Introduces readers to the fundamentals and applications of variational formulations in mechanics
Nearly 40 years in the making, this book provides students with the foundation material of mechanics using a variational tapestry. It is centered around the variational structure underlying the Method of Virtual Power (MVP). The variational approach to the modeling of physical systems is the preferred approach to address complex mathematical modeling of both continuum and discrete media. This book provides a unified theoretical framework for the construction of a wide range of multiscale models.
Introduction to the Variational Formulation in Mechanics: Fundamentals and Applications enables readers to develop, on top of solid mathematical (variational) bases, and following clear and precise systematic steps, several models of physical systems, including problems involving multiple scales. It covers: Vector and Tensor Algebra; Vector and Tensor Analysis; Mechanics of Continua; Hyperelastic Materials; Materials Exhibiting Creep; Materials Exhibiting Plasticity; Bending of Beams; Torsion of Bars; Plates and Shells; Heat Transfer; Incompressible Fluid Flow; Multiscale Modeling; and more.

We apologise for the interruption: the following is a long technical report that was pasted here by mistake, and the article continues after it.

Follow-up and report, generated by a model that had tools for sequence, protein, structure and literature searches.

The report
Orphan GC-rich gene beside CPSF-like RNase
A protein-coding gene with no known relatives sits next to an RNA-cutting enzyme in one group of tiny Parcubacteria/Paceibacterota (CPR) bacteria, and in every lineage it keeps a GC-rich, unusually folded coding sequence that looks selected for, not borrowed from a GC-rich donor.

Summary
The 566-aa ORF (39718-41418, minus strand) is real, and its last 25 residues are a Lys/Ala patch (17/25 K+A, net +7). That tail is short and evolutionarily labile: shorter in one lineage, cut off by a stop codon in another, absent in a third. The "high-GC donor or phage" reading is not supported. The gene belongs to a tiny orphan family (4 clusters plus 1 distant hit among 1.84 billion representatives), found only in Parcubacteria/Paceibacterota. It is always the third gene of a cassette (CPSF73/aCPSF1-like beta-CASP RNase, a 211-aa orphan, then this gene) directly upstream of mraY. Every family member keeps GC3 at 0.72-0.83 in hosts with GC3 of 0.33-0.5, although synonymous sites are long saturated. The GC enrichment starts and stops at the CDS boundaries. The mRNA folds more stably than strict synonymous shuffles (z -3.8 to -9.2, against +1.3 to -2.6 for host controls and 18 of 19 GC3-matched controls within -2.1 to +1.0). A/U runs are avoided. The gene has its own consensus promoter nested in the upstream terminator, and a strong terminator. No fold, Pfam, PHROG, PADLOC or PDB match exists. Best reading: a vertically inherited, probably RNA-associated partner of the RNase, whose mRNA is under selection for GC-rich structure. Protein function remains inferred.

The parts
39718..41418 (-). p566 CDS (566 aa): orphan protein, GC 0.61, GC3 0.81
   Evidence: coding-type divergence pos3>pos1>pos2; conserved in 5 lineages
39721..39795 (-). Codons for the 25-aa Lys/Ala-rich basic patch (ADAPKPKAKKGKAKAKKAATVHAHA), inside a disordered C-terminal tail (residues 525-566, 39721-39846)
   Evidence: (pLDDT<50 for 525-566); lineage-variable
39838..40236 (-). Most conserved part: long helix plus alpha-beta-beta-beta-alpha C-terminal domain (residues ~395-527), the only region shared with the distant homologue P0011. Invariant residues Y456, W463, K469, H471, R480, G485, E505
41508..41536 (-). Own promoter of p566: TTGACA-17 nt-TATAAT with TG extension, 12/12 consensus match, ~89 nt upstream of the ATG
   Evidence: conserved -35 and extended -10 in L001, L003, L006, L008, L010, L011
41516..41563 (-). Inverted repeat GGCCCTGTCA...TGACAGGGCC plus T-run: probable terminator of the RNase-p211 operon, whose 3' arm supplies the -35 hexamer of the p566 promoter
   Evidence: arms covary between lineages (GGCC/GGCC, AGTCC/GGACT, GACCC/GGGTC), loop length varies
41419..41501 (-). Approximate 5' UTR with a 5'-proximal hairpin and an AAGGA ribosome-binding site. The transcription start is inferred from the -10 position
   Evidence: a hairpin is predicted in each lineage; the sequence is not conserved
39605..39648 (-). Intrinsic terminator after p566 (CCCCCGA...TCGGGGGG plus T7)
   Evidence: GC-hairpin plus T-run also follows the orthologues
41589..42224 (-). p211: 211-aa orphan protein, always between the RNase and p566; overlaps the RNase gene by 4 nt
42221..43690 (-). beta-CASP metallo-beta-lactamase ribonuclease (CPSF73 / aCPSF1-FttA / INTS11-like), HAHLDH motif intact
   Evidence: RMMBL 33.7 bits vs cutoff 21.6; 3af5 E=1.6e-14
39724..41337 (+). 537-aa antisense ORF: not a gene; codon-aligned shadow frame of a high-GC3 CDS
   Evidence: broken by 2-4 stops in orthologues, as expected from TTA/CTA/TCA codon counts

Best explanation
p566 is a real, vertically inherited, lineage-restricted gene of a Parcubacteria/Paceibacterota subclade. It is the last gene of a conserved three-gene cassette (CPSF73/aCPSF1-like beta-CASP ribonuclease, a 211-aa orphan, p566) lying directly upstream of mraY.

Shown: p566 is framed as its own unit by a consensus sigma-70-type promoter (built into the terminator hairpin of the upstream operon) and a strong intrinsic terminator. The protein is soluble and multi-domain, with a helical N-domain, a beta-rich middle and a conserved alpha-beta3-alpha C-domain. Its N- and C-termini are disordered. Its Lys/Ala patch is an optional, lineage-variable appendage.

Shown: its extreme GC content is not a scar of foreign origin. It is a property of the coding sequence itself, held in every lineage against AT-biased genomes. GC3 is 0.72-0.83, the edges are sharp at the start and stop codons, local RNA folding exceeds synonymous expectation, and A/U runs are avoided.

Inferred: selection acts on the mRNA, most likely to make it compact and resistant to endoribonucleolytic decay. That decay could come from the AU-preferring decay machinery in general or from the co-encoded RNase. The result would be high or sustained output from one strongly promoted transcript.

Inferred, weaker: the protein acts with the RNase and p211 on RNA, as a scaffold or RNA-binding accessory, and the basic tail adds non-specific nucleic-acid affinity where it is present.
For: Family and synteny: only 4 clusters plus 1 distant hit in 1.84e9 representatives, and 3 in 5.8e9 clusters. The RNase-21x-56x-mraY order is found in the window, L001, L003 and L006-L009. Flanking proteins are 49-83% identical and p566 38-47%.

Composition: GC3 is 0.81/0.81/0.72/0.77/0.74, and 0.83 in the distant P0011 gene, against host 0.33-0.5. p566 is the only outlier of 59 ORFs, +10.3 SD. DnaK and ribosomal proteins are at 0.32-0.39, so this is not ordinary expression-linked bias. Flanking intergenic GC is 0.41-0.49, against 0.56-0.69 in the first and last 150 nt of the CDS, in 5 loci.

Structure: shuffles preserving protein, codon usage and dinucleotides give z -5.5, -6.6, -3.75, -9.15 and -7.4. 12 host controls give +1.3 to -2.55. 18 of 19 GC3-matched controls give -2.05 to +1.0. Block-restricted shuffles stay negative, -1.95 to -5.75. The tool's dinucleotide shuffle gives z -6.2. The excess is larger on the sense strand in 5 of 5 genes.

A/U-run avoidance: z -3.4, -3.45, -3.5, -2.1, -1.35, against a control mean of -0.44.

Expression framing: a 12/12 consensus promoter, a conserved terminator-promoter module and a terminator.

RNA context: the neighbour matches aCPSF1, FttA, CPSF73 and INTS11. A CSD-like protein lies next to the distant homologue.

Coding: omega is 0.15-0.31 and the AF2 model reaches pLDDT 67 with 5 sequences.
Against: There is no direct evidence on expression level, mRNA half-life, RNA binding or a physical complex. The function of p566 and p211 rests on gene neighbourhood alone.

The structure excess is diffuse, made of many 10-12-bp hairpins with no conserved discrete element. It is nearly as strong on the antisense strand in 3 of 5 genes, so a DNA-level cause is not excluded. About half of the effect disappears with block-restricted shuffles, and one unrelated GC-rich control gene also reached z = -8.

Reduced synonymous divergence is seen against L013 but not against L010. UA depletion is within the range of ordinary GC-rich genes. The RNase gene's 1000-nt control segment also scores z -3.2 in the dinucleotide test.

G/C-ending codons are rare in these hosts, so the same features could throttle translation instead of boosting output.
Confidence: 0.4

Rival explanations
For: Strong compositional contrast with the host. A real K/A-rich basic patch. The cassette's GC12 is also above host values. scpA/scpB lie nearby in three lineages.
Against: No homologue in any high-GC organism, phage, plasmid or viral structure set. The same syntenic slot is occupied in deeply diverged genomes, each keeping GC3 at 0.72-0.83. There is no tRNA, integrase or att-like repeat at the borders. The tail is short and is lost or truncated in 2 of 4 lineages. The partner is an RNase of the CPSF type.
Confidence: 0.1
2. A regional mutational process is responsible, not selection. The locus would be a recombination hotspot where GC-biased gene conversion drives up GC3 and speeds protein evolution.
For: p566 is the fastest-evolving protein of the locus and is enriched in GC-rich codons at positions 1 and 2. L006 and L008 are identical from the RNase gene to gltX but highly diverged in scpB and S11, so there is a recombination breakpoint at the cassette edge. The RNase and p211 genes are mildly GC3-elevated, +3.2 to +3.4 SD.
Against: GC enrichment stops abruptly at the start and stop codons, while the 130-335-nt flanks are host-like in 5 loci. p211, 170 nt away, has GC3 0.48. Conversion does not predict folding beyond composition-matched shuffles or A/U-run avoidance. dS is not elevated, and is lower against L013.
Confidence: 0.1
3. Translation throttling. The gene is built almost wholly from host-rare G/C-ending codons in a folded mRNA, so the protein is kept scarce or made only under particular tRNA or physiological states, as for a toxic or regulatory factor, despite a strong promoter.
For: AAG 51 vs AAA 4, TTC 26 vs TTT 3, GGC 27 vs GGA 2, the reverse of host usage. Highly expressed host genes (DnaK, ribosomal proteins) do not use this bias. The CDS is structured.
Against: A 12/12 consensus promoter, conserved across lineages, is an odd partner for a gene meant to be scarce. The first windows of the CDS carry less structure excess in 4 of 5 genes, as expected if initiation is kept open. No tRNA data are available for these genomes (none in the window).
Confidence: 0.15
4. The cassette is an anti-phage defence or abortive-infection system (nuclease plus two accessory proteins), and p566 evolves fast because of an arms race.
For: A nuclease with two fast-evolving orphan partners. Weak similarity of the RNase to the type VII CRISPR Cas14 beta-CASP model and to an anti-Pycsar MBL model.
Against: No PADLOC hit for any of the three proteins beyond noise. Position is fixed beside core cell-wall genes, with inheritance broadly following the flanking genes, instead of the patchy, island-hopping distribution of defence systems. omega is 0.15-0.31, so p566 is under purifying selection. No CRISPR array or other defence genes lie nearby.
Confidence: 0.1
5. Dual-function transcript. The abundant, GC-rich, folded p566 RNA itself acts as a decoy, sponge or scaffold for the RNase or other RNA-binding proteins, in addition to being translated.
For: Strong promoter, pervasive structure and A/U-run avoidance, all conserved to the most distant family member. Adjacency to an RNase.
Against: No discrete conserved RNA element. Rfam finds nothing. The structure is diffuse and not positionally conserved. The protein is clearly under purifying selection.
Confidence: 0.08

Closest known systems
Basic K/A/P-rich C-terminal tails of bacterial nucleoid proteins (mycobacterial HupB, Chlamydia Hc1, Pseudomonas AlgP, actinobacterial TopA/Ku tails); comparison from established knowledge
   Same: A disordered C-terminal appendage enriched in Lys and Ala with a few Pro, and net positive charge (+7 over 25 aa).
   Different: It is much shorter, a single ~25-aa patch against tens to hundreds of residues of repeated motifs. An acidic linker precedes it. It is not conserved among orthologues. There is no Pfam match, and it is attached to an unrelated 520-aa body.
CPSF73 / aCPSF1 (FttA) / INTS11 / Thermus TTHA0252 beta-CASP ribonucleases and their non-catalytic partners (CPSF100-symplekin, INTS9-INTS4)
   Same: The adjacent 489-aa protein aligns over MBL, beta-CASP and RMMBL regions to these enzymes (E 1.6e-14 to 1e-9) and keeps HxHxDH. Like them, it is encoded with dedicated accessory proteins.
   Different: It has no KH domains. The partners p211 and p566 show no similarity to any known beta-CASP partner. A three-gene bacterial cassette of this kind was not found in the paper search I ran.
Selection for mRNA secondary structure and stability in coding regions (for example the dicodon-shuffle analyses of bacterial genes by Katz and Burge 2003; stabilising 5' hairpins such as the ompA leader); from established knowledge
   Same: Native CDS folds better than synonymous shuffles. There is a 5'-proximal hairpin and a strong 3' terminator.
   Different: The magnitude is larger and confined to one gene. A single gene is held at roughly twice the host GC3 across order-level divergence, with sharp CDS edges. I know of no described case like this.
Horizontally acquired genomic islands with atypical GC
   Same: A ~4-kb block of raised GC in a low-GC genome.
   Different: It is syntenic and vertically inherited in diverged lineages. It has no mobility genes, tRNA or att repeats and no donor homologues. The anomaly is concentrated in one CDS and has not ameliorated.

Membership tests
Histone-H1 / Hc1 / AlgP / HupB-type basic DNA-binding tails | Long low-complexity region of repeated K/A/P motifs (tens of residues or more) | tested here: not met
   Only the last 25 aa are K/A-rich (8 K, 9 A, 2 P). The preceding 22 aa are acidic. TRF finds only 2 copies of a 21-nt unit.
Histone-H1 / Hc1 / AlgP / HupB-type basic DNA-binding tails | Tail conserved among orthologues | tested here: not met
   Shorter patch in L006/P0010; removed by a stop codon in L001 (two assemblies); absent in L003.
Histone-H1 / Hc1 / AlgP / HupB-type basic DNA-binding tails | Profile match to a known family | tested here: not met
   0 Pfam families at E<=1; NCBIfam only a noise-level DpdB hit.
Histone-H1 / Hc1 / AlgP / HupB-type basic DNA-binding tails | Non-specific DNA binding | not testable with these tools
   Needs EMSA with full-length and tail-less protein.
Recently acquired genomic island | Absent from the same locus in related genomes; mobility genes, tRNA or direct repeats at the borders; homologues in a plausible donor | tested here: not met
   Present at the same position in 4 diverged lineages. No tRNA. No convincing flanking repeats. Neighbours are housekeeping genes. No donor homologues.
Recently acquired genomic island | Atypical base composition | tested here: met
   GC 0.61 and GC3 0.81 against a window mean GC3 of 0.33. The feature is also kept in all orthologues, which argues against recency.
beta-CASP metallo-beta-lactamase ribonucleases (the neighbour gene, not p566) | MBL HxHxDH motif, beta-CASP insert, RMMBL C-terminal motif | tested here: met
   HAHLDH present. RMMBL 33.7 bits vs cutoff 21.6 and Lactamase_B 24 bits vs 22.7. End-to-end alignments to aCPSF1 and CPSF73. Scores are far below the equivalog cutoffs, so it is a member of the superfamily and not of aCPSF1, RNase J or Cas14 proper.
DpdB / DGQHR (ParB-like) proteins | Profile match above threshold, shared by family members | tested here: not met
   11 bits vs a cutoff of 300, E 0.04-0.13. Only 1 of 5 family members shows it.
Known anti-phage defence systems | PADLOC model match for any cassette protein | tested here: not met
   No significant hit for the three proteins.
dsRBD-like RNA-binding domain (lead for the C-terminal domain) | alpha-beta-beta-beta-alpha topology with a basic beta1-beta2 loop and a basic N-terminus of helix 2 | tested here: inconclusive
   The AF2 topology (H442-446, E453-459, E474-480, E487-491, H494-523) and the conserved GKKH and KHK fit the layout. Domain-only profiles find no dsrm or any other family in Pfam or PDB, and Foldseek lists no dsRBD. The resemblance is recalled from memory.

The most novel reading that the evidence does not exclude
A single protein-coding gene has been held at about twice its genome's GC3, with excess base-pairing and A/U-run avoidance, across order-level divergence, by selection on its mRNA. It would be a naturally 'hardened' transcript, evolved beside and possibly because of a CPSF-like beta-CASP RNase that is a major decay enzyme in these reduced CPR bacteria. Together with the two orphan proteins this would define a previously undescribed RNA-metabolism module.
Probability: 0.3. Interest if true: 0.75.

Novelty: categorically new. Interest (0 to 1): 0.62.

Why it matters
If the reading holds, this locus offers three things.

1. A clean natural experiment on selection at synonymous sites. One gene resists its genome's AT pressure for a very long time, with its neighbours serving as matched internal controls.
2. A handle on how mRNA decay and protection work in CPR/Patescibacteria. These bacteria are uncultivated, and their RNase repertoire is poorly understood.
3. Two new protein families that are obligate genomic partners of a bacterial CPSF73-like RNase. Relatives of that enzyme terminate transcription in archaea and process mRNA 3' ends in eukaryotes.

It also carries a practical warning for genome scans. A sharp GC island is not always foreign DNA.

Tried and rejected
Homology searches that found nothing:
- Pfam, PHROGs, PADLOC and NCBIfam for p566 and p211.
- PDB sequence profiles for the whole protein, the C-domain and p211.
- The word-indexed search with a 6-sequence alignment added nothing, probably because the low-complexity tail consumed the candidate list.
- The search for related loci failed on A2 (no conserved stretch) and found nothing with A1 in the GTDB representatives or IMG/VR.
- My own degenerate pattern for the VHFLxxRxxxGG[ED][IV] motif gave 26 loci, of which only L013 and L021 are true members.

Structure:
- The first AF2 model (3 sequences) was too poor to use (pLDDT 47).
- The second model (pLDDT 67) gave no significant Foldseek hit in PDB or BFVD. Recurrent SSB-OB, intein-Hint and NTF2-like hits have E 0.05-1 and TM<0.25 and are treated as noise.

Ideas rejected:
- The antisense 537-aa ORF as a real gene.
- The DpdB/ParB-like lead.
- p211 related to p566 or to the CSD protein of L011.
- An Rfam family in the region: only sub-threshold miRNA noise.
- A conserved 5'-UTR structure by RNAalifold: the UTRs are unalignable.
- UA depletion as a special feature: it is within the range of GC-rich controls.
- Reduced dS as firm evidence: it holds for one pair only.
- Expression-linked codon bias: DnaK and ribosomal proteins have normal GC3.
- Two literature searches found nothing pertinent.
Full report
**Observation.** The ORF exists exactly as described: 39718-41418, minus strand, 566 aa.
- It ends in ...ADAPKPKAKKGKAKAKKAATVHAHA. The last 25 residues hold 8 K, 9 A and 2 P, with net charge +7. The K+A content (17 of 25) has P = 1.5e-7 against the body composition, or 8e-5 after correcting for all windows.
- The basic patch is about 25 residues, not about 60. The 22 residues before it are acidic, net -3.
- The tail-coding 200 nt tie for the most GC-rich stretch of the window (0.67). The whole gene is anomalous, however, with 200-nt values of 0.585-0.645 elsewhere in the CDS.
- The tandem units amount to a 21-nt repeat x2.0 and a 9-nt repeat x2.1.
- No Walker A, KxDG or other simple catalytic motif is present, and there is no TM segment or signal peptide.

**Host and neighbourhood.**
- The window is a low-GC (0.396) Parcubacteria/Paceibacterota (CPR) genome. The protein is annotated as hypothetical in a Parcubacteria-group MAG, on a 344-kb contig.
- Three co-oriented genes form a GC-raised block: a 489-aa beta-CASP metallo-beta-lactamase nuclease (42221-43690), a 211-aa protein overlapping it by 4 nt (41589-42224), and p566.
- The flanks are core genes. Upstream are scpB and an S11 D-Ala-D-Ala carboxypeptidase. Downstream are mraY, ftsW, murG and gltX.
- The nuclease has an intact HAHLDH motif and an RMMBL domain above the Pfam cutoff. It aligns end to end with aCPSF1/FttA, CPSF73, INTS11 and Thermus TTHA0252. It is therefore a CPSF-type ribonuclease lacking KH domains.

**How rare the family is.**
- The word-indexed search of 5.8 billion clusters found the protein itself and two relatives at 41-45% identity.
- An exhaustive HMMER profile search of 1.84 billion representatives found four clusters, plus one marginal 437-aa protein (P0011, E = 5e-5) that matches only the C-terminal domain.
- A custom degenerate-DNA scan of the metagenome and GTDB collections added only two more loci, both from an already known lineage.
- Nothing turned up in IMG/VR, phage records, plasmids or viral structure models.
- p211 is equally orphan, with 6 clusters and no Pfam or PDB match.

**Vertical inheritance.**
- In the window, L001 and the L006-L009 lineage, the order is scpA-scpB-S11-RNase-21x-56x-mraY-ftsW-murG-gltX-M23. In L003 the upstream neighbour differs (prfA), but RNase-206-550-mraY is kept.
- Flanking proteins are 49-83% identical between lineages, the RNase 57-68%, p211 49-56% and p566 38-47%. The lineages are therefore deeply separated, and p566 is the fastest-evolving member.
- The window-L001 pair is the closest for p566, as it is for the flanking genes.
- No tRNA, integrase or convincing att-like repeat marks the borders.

- A self-contained reader-friendly approach to the variational formulation in the mechanics
- Examines development of advanced variational formulations in different areas within the field of mechanics using rather simple arguments and explanations
- Illustrates application of the variational modeling to address hot topics such as the multiscale modeling of complex material behavior
- Presentation of the Method of Virtual Power as a systematic tool to construct mathematical models of physical systems gives readers a fundamental asset towards the architecture of even more complex (or open) problems
Introduction to the Variational Formulation in Mechanics: Fundamentals and Applications is a ideal book for advanced courses in engineering and mathematics, and an excellent resource for researchers in engineering, computational modeling, and scientific computing.